I normally don’t consider myself a nerd. I will admit though that I was part of the chess team in high school. (No offense to those of you who were also members of the chess club and don’t consider yourselves nerds either.) Anyway, I joined the chess team for the same reason a lot of high school boys do anything – a girl. I was going to impress her with my chess-playing skills. Come to find out, I stunk at chess. I learned to play chess in a unique way, though. Our chess coach had the club break up into teams of four. Each team of four played another team of four. The final decision of what move to make rotated from player to player as the game progressed, with the rest of the team giving input. By playing this way, we learned strategies from other teammates, saw the game from different perspectives, and were able to have more foresight for upcoming moves. While I wouldn’t say that I’m a great chess player, this method of learning the game led our team to a second-place finish at state.
An effective strategy There are many other things besides chess that seem to be better learned in groups. This is a belief that we at Pitsco Education hold dear. Throughout our entire curriculum, you will find a theme of cooperative learning. In cooperative learning, small teams of learners, oftentimes with varying ability levels, work together to develop a clearer understanding of a certain topic or subject. The team shares a common fate, whether that is success or failure. This causes learners to take responsibility for their own understanding as well as that of the rest of the team. No one wants to let the team down,
'We did it!'
Whole-class cooperative learning
A few years ago I visited a Missions lab that was also an inclusion classroom. Ben, a kid with Down syndrome, sat at the Scientific Skills Mission with the rest of his Crew. The teacher was doing a special activity on the English system of measurement. Students would go up to a giant ruler, take a clothespin that had a certain inch measurement from a bucket, and clip the clothespin 2
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and the team holds each member accountable for learning the necessary concepts. While cooperative learning has come under fire in the past, largely because of misuse by teachers who don’t facilitate the process correctly, most educators agree that cooperative learning is one of the most effective strategies for teaching. That is why you will find it at the core of almost all Mission Roles Pitsco Education curricula.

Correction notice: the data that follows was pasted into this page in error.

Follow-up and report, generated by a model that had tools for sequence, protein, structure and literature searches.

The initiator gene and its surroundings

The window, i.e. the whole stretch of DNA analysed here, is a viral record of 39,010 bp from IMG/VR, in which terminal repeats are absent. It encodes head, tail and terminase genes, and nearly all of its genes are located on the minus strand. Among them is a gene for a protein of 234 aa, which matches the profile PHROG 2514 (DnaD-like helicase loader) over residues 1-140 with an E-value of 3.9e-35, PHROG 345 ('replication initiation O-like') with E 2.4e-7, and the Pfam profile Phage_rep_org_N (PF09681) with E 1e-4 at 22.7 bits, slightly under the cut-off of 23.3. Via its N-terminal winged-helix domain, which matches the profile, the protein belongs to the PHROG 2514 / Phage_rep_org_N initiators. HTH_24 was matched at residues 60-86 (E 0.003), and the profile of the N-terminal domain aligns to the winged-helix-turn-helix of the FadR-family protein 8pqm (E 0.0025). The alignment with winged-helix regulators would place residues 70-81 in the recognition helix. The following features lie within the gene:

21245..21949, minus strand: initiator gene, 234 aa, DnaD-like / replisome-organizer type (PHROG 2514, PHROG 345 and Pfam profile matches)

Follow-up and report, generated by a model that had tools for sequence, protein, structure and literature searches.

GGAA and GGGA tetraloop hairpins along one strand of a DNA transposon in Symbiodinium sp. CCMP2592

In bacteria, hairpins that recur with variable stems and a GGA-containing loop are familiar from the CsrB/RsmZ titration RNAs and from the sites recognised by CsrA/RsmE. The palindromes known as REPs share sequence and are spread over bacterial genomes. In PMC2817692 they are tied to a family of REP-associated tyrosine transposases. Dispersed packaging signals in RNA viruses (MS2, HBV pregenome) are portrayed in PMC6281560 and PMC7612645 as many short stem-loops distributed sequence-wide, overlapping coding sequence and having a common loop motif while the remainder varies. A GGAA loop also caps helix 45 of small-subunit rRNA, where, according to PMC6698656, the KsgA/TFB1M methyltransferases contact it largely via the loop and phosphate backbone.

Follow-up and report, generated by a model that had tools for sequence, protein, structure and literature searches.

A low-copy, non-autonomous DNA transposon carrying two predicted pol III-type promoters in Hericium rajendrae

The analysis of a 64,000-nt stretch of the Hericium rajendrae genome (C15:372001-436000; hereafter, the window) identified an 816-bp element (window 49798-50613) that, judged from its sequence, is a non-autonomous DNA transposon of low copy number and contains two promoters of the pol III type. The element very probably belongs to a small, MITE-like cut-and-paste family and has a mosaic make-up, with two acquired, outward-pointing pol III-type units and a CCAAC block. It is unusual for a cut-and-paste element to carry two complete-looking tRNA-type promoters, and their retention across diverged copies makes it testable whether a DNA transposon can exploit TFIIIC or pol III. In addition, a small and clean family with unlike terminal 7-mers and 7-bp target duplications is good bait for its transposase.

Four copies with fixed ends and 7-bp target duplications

Designed for all levels
Commander – Team captain Information Specialist –
Research has shown that Conveys all Mission information cooperative learning is effective and instructions to the Crew across all grade levels. In Materials Specialist – Missions, first through sixth Manages Crew equipment, graders work in a Crew of four. materials, and supplies Each Crew member has their Communications Specialist – own team responsibilities and Communicates on behalf of the is accountable for learning and Crew and records Crew data understanding the science, technology, and engineering concepts presented in that Mission. While the Mission grading system is left up to the teacher to decide, it is safe to say that in most Mission labs, more than 60 percent of a student’s grade comes from activities completed as a Crew. Modules, on the other hand, are completed in pairs. Sixth through ninth graders work together to complete RCA questions, Module activities, and performance assessments that comprise about 60 percent of the student’s grade. As high school students work through Suites, they encounter two methods of cooperative learning. First, students work in pairs to complete the Harbor content and activities. After the Harbor content is covered, the three Harbors that comprise the Suite gather together to form a Suite Team and complete a Team Challenge related to the Suite. In Suites, nearly 100 percent of a student’s grade comes from activities completed in a cooperative learning situation. Whether in chess, Missions, Modules, or Suites, there’s strength – and knowledge – in numbers.